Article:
Digital Sports is also taking a novel approach in covering the world of High School sports through their own Sportscenter-esque weekly show. During this show Clayton, along with Stump and Badders cover the highlights of the week, as well as preview upcoming matchups, championships, and profiles of the stars and feel-good stories of the massive Shore Conference. The weekly show, along with clips and interviews is hosted on the site using Brightcove video player, and the show as well as the various clips captured are edited using Adobe Premiere Pro software.

While they are very happy with providing clips, interviews, and a weekly wrap-up show, Clayton says he doesn’t think that live web-casting of games is in their future. “It’s been something we’ve discussed, but it never seems like it would be the best use of our manpower,” he says. “Putting together a live webcast would sacrifice a lot of the things we as writers typically are doing during an event – keeping stats, eyeing trends, jotting notes, etc. For now, video is a part of what we do, not the whole enchilada.”

As the Digital Sports network grows and includes more areas of the high school sports geographic landscape, and as the crew expands their style of coverage and capabilities, one could possibly see coverage comparable to that of college or even pro teams. “It’s obvious that the internet is a major force in the way people get their information, and in many ways it’s the youth of today that is driving that. Seeing as how that is the demographic we are dealing with, it seems like a simple marriage. We also rolled out a text-messaging score service during football season, and I think we are equipped to utilize other new technologies that come along. Expect to see some examples of this on our site soon.”

While Digital Sports and the Shore Conference site are in business covering high school athletes, they aren’t only exposing their great feats without giving back to the schools and the community. Digital Sports is actually built on a revenue-sharing model that works with the company and the school systems that are covered. Clayton explains that in this partnership in which each school and team within the conference has a specific page, and part of the advertising costs that are paid to Digital Sports goes to the schools and teams whose pages are viewed. The design behind this, Clayton explains is that, “It is our hope that DigitalSports sites become the first place that student-athletes, alumni, parents and fans go to get everything (stories, stats, schedules, etc.) they could possibly want to know about their teams, so that in turn advertisers follow suit,” he says.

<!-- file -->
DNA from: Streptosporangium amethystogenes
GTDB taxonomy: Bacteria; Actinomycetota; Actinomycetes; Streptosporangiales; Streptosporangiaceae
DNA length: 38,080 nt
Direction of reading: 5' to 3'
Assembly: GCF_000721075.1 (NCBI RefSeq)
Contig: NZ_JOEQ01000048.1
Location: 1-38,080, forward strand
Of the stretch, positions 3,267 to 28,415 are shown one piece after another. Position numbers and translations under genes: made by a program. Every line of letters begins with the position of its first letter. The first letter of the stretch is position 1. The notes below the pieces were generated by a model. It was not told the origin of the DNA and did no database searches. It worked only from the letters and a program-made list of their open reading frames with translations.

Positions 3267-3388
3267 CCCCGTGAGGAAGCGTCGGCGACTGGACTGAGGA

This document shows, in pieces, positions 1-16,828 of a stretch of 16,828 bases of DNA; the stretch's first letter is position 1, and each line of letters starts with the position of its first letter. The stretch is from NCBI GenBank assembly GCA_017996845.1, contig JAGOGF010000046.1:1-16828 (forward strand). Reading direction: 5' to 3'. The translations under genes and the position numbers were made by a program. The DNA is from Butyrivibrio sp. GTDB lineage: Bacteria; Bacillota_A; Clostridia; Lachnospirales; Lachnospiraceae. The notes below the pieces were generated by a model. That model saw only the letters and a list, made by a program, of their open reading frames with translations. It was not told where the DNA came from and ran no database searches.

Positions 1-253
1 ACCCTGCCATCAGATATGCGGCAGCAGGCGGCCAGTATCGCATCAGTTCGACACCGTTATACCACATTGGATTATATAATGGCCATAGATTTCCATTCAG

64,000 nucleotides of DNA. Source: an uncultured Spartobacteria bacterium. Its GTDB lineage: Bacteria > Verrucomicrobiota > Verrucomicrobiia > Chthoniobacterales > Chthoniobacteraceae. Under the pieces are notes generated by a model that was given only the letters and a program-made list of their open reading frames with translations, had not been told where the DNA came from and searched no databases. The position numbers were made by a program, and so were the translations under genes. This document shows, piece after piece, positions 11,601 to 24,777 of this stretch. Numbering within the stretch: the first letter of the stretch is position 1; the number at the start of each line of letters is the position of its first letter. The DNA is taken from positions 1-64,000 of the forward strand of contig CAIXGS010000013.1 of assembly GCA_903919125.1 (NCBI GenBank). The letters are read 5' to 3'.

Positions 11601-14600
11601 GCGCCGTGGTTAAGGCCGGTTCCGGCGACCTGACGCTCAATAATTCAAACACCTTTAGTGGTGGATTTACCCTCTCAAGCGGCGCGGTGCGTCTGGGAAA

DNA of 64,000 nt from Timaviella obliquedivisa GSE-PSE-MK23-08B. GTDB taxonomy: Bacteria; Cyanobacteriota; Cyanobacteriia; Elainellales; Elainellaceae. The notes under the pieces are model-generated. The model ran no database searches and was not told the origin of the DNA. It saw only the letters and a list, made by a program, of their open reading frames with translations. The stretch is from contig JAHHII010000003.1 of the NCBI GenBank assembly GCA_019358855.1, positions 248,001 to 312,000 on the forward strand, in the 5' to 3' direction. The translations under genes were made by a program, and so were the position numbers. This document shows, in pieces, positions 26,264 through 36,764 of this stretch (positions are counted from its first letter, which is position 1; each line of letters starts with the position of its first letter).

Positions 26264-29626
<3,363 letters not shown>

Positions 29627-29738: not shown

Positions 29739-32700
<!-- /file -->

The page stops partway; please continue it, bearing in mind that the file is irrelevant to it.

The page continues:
Since the inception of the Digital Sports Shore Conference outfit, the response has been positive and overwhelming as both students, coaches, administrators and families love seeing the new coverage of their everyday sports heroes in new and interesting ways. As the Digital Sports umbrella grows and ultimately so does the Shore Conference specific site grows who knows what the future holds as far as coverage and capabilities of covering and profiling the newest up and coming superstars. Just as professional sports coverage made the leap to HD broadcasting because of the new technology and demand for greater quality, so is Digital Sports doing the same jump, just in a different way, with athletes playing not for money, but pride – and that is the greatest athletic achievement to capture.